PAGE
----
Checking in for romance

Sometimes,more cash and leave are not enough to nudge birth rates up. Here are some creative measures other countries have adopted to get more babies going.

When voluntary organisation I Love Children (ILC) launched an SG50 hotel promotion for couples last year, it became the butt of jokes among netizens.

They ribbed Singaporeans for needing external help to procreate. But in Singapore, where homes are not cheap and it is not uncommon for married couples to live with their parents, some private time may be just what they need.

Plus, Singaporeans love a good bargain, and a complimentary hotel buffet breakfast is always a draw.

On ILC's website, the organisation made it clear what the promotion was about - a staycation to help married couples "kick-start (their) family planning".

Its advertisement featured a man and a woman under pristine white bedsheets, smiling at each other. Twelve hotels took part, ranging from high-end Equarius Hotel in Resorts World Sentosa for $788 per night, to rooms at Village Hotel Changi for $170.

Most offered a package meant to help couples get in the mood for romance - complimentary chocolates, strawberries and wine, and a rose-petal bath.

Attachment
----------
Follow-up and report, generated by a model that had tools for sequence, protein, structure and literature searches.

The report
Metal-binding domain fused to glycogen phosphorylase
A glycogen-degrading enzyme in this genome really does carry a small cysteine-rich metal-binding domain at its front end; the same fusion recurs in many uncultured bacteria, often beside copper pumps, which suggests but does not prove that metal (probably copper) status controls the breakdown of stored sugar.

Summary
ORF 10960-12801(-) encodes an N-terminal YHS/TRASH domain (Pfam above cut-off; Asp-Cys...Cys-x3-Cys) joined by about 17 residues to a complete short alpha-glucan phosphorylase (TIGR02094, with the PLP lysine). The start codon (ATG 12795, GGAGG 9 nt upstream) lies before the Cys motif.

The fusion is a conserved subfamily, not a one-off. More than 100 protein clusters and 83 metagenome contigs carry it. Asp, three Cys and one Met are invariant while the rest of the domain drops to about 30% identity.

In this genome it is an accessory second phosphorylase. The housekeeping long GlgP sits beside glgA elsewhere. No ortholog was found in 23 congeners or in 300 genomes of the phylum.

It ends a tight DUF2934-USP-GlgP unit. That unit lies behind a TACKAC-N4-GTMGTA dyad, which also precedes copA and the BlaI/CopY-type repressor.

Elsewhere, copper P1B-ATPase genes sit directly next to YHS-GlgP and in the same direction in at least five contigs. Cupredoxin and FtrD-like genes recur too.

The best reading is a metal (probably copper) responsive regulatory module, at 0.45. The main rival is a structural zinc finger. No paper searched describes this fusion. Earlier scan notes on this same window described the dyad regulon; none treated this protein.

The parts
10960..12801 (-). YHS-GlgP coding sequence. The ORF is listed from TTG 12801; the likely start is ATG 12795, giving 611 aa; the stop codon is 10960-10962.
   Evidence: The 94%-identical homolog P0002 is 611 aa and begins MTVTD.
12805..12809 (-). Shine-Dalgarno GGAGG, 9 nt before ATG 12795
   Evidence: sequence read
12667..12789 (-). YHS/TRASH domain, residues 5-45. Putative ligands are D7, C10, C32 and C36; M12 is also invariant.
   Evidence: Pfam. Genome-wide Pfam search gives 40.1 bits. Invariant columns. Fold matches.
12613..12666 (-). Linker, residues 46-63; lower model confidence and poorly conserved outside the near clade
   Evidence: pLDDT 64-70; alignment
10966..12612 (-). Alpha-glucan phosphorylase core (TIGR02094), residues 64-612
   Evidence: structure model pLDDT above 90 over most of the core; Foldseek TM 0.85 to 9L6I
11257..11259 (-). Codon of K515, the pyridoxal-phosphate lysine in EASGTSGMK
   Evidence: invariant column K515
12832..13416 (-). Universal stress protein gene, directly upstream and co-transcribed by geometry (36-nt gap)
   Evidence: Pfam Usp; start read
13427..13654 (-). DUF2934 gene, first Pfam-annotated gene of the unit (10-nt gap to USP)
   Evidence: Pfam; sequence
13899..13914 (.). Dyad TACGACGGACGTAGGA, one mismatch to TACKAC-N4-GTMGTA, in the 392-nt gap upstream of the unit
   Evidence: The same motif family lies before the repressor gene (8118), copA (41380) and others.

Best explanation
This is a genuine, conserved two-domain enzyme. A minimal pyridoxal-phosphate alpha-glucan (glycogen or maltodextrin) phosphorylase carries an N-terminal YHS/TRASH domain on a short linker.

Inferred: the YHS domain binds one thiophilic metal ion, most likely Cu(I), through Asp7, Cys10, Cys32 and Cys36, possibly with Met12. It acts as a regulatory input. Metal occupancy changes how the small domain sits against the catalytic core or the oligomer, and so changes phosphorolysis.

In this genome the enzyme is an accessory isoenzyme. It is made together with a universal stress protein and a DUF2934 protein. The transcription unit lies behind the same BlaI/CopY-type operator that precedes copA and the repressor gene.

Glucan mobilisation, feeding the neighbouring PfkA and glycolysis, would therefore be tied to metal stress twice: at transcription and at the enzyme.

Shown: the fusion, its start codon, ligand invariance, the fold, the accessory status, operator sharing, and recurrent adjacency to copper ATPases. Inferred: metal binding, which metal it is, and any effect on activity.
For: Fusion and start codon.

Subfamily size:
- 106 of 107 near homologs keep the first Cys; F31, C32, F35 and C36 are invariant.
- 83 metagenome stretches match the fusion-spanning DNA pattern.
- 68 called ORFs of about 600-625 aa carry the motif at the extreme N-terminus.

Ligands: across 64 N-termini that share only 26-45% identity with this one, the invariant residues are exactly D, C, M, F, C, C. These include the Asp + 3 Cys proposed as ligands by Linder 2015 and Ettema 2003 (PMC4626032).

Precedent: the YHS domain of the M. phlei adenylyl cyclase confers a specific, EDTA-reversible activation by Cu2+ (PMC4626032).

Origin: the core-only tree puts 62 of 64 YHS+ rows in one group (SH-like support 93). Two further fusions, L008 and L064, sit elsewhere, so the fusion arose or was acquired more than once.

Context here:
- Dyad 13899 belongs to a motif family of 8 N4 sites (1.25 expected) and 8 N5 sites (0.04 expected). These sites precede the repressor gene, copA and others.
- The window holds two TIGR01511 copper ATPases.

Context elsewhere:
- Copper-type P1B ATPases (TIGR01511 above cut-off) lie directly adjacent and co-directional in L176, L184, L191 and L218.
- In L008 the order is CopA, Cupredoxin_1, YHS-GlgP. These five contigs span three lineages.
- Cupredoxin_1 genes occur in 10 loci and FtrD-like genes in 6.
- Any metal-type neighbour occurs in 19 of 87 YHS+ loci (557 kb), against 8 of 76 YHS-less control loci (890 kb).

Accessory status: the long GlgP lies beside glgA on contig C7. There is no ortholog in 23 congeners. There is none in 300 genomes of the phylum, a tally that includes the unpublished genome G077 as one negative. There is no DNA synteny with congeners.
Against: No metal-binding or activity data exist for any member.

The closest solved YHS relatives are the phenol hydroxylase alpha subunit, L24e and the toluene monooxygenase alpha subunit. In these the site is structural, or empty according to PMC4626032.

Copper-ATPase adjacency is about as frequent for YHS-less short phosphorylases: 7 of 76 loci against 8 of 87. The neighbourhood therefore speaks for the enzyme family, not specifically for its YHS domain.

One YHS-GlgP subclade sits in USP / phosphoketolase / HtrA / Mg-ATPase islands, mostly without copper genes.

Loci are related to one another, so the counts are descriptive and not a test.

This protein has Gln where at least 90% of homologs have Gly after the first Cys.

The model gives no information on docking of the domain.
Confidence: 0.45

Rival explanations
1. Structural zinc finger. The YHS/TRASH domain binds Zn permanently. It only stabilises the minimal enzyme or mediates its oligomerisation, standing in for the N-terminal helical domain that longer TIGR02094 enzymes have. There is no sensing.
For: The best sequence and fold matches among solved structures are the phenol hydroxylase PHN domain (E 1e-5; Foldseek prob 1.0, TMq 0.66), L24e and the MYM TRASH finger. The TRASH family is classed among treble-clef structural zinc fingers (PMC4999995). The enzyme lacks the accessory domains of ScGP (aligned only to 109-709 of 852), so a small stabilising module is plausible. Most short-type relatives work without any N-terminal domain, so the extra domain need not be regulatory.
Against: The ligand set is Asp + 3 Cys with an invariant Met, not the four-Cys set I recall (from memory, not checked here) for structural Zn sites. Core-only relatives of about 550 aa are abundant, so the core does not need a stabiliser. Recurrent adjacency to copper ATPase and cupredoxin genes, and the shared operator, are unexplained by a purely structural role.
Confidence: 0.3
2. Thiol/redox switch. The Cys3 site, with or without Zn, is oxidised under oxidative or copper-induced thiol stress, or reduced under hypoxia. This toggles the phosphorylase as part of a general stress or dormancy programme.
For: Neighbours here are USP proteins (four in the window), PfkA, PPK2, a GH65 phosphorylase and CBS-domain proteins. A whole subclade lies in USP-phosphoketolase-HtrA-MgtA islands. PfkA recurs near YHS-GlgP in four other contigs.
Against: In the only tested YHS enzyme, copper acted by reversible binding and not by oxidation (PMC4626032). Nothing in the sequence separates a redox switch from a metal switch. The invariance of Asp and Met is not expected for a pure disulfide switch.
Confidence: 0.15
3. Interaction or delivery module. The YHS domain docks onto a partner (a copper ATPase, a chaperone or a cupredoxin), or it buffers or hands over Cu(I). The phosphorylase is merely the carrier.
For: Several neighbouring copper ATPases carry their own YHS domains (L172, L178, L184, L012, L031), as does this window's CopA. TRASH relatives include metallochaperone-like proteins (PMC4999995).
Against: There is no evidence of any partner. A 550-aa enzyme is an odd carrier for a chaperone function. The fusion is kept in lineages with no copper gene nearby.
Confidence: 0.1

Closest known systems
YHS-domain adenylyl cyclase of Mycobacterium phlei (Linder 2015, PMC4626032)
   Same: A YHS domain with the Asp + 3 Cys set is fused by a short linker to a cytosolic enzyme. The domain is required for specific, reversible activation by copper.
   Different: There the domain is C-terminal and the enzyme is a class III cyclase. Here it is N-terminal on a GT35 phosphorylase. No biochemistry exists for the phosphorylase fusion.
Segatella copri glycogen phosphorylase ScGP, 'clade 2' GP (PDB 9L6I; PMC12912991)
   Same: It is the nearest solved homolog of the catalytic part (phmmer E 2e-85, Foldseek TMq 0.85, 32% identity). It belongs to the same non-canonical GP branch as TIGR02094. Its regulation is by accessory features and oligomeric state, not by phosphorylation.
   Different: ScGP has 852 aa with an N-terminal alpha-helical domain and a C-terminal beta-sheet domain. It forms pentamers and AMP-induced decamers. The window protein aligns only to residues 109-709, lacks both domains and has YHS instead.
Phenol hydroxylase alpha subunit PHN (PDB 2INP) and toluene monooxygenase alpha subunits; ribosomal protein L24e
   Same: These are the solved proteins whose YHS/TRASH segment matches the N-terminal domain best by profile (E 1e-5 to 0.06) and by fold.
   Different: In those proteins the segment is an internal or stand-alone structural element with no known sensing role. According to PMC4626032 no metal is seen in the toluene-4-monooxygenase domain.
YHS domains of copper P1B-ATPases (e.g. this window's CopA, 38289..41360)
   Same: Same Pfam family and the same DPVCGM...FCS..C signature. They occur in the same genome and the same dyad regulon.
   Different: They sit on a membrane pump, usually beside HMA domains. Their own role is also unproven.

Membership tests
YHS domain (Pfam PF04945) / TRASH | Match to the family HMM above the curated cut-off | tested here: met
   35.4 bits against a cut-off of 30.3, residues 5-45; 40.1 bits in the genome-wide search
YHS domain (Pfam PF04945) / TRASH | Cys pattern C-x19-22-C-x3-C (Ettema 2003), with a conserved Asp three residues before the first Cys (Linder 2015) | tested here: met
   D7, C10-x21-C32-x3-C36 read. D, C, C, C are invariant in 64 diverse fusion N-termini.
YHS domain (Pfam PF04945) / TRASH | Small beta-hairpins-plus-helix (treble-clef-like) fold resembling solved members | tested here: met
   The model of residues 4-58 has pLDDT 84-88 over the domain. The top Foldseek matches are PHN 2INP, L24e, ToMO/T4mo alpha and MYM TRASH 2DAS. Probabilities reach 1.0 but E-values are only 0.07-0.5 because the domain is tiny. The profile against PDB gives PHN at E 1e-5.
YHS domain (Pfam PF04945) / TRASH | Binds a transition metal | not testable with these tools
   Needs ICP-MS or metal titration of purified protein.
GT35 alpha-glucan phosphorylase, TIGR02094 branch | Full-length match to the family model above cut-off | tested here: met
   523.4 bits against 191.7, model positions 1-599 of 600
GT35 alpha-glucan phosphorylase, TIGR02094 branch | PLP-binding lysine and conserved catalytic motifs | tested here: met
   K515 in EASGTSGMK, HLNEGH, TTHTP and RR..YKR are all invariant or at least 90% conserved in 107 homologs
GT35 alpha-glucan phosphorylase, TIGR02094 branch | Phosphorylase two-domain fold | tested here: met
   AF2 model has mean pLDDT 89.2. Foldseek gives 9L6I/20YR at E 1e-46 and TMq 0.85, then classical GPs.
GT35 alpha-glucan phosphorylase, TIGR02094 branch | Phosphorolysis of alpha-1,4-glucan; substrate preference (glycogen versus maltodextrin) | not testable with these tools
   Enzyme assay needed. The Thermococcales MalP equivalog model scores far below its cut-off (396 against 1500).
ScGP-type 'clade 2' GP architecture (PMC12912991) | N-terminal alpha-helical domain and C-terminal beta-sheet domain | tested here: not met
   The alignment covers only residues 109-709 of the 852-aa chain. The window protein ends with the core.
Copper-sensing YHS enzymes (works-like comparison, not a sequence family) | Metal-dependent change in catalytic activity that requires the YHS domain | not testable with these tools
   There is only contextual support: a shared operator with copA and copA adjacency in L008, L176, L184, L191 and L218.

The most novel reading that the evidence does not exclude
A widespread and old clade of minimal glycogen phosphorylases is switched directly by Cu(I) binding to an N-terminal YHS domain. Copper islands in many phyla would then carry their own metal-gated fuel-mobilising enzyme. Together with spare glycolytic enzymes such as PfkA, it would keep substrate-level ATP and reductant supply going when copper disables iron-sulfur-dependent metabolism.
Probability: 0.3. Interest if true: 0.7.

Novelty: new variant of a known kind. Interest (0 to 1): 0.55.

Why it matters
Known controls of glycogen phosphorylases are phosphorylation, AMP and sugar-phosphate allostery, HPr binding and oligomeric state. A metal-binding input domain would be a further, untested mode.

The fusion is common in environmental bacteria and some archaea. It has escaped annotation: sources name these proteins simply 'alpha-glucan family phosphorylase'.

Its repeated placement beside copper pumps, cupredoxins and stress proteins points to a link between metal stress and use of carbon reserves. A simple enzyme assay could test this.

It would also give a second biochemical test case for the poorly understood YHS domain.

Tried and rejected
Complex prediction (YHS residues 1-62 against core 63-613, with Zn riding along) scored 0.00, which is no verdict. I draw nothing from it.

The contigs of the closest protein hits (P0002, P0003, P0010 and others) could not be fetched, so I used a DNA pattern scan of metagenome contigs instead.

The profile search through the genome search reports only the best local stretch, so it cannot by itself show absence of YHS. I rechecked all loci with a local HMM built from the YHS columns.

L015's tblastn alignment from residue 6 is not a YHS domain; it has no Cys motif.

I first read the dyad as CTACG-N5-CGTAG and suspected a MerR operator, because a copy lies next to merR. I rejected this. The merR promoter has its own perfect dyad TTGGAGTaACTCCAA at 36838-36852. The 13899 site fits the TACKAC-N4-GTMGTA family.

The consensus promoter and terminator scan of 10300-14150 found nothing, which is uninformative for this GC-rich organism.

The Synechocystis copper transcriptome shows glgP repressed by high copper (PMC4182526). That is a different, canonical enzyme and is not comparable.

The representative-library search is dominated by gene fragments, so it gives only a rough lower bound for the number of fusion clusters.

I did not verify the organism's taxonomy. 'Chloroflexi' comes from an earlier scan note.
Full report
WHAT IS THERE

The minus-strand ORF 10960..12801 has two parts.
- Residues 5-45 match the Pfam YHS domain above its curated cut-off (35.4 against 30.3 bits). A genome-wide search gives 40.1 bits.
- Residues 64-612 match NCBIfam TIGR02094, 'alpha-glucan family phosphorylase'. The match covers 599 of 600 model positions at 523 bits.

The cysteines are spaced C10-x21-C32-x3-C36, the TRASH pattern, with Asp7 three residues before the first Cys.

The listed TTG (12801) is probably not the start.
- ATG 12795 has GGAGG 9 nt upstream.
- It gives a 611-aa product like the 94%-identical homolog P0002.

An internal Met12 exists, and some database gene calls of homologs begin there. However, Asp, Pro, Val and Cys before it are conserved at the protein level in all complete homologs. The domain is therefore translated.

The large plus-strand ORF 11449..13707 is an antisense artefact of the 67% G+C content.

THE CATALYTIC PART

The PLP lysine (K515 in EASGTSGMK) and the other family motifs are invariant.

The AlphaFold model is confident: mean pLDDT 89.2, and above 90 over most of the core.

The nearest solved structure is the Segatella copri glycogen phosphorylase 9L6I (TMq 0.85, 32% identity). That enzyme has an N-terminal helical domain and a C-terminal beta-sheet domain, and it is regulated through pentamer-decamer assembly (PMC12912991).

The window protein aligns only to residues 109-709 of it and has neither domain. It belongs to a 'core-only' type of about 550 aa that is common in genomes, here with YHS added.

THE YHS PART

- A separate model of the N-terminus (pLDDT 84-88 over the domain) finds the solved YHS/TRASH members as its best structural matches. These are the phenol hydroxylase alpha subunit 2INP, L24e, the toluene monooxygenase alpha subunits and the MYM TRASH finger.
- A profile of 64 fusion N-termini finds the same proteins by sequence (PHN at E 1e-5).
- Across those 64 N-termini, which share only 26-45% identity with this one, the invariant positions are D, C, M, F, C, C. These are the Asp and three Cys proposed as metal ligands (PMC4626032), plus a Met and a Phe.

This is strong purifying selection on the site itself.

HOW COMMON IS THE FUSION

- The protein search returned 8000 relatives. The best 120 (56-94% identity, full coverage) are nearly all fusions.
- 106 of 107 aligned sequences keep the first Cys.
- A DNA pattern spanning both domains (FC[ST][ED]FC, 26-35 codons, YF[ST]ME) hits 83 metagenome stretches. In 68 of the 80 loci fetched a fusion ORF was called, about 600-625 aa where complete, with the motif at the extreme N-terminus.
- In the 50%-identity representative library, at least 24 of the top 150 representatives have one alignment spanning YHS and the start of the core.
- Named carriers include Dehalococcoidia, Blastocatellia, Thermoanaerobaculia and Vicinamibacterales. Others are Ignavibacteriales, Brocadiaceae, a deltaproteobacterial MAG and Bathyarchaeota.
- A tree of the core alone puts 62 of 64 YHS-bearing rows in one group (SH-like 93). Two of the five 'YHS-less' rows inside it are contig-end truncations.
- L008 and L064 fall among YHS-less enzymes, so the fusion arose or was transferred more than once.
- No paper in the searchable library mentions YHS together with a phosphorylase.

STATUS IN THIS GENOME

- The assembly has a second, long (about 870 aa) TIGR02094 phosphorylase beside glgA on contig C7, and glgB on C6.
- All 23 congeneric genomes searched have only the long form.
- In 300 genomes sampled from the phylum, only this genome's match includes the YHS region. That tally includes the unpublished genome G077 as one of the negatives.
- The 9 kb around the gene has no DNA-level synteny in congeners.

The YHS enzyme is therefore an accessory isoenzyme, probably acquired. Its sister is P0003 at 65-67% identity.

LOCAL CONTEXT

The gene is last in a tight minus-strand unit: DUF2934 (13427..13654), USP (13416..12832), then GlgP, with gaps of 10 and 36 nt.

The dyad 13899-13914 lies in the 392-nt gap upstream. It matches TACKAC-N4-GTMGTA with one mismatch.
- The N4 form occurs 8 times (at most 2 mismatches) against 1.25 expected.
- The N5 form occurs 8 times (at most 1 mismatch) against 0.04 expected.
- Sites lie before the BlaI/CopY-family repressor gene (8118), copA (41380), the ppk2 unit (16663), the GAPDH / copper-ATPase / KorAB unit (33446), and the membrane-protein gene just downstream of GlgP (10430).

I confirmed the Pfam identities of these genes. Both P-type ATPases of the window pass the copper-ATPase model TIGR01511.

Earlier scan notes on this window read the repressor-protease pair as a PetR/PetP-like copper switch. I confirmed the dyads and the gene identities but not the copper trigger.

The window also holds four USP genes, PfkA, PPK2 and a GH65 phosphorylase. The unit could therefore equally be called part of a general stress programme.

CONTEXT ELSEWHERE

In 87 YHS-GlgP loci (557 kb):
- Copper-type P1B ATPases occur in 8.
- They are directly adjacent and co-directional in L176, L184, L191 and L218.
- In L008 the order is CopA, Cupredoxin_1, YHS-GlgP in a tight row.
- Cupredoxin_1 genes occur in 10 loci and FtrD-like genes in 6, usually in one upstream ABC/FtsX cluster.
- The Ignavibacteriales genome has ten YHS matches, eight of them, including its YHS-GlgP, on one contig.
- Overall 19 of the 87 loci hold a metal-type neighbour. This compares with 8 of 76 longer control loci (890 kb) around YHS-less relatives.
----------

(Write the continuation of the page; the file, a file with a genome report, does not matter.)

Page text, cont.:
One went the extra mile.

The boutique Naumi Hotel in Seah Street offered guests a copy of the Kama Sutra and a "naughty pack" of props.

The hotel is offering the same promotion this Valentine's Day.

ILC's campaign may lend itself to easy jokes. But Singapore is not the only country enticing couples to make whoopee while away from home.

In 2014, a travel company in Denmark, Spies Rejser, launched a campaign to urge Danes to go on a vacation and "do it for Denmark" while they relax and unwind.

Denmark, too, faces a population problem. Its birth rate is among the lowest in Europe, with 1.7 children born per family.

It may be hard to plan getaways on a whim in Singapore, where people work the longest hours in the world. So, a staycation would provide the perfect setting, without mum and dad interrupting.

Pearl Lee

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A version of this article appeared in the print edition of The Sunday Times on February 14, 2016, with the headline 'Checking in for romance'. Subscribe